What La Maroto may lack in convenience and luxury, it makes up for in character, and I liked it. It gave us a unique and oddly refreshing view of Tahiti. Sure it was a little weathered and earthy, but it was also strangely refreshing to be somewhere far away from the perfectly groomed bungalows and imported white sand beaches of the larger franchise resorts.

We got a swanky green bucket from management and, ironically, were able to continue flushing our loo using the water from the hot tub that we had yet to drain. (Luckily we were the only guests staying that night.)

So if you ever visit Tahiti and are feeling up for an adventure, take a trip up to
La Maroto, enjoy the view, the French cuisine and wine cellar, but if you arrive during dry season, and decide to stay the night, check first with management before filling the jacuzzi.

 
 


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Quick Fix: 17° 29.45 S / 149° 51.16 W

September 3rd 2012 (day 1,922)
Conditions:  Wind: 8/N     Sky: Mostly Clear
                    Boat SPD: 0   (Anchored)

New Heights
After living in the Tuamotus for over four months, where the separation between land and sky is distinct and definite. Where the white coral islands rise no more than a few feet above sea level, and save for the occasional radio antenna or luxury yacht, palm trees are the tallest objects to be found, it feels strangely intimidating to be anchored amongst towering cliffs that rise from the water to over 6,000 feet,
high enough to touch the clouds, bridging a space that seemed infinite in the Tuamotus. Today we took a trip into the interior of Moorea. We looked down on Mount Rotui, a volcanic peak that divides Cook's Bay from Opunohu so symmetrically, it could be mistaken for a mirror image.
- NH





 
 


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Day 1,920 - Cook's Bay, Moorea (17° 30.0S 149° 49.1W)
17:34hrs - September 1st 2012
What Ever Floats Your Boat

With Catherine boasting a boat speed of 12.2 knots during her 2200 - 0300 night watch, and with winds gusting regularly to near gale force, it's fair to say that our passage from the Tuamotus to Tahiti was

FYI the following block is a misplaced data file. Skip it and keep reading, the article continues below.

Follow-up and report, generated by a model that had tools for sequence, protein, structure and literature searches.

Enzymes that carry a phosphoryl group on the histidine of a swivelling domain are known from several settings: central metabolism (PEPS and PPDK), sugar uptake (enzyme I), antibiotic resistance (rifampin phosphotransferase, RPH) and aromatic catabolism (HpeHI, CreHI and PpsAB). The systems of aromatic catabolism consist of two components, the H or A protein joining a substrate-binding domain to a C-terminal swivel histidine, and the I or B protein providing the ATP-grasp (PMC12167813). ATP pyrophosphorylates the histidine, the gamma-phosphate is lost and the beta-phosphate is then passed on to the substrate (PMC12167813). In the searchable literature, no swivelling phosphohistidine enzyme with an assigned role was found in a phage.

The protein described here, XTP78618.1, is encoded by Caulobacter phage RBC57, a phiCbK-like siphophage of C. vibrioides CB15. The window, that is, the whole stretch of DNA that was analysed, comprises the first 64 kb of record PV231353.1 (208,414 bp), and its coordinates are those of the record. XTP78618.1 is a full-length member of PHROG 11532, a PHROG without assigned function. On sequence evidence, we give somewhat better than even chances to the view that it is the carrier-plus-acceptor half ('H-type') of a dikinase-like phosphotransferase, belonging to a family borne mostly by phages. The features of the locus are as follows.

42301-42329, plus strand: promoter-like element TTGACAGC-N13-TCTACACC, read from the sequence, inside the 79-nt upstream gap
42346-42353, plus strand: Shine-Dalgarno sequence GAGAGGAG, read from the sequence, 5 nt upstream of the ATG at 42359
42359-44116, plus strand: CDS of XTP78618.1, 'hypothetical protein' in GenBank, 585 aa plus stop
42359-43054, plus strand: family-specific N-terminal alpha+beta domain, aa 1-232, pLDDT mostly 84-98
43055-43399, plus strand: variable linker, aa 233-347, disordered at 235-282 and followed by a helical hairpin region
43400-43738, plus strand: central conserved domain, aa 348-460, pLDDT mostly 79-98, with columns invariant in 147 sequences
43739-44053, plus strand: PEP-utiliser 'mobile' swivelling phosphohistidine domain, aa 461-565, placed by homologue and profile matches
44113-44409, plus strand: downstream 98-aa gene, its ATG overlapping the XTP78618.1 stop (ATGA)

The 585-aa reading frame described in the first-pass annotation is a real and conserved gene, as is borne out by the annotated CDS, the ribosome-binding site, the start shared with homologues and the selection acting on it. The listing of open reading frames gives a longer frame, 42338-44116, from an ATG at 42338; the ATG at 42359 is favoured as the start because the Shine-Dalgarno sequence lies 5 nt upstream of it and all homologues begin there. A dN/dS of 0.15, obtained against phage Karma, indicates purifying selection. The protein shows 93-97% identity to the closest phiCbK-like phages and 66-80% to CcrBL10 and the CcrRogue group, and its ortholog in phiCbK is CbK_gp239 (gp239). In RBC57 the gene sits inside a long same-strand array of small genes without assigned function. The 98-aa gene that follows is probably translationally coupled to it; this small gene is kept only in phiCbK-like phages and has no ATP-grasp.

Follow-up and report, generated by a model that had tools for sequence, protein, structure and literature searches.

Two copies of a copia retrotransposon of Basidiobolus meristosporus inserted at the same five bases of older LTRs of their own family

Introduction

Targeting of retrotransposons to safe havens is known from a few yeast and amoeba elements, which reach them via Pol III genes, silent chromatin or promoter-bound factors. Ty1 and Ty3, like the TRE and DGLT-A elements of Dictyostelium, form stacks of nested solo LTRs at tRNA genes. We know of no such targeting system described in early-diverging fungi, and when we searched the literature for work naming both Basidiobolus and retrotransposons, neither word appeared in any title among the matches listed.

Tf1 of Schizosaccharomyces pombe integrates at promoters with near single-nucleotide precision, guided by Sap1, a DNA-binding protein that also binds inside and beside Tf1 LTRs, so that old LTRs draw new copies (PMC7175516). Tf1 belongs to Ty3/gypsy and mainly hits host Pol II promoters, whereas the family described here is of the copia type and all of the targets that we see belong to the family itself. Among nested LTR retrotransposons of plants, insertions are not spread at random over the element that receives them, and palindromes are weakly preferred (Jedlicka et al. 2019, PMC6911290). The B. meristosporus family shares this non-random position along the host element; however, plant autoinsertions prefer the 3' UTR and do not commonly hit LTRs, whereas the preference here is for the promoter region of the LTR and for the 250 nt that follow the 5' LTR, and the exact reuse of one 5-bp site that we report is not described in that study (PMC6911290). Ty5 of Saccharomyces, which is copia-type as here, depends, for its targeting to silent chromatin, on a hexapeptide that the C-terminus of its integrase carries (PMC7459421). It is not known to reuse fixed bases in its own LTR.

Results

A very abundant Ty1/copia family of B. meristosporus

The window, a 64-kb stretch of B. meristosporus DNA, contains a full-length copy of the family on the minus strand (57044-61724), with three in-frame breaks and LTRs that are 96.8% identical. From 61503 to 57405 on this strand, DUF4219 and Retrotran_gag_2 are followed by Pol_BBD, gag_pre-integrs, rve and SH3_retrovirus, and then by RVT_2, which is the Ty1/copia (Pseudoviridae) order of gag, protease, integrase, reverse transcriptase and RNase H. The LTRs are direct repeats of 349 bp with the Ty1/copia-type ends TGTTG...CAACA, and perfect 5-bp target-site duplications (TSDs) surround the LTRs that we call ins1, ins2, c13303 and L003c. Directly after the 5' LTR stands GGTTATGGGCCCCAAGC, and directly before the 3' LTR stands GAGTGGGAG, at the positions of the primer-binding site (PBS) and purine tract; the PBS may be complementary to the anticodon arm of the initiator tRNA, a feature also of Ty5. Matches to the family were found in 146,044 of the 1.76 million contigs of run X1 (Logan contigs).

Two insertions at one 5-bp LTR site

a fast one.

Tom, our nephew from London who was brave enough to fly out and join us for two months, weathered the experience with a casual indifference, spending much of his time reading, trying to nap, and munching on Pringles in the cockpit, a snack which I suspect brought him just a little comfort on his first deep blue passage - a passage that after 24-hours of rolling, pitching, clinging and bracing, he likened to an inebriated night out on the town, where the initial stages of anticipation and excitement, give way to staggering intoxication and eventually, regret.

But after two days at sea, trapped with his Auntie and Uncle on a boat smaller than his climate controlled bedroom back home, Tom arrived in Tahiti with his sense of humor still in tact and, I hope, thankful for the experience (which perhaps he will appreciate more with time - once he's had a chance to 'edit out' the more uncomfortable realities of passagemaking).

Tom is quite certain that "sailing is not for me", and seems happy to have his feet on dry land again.
But he's stuck with us for another 19 more days, and perhaps, if the conditions are just right and we
have the perfect sail between Moorea and Tahiti, he'll change his mind.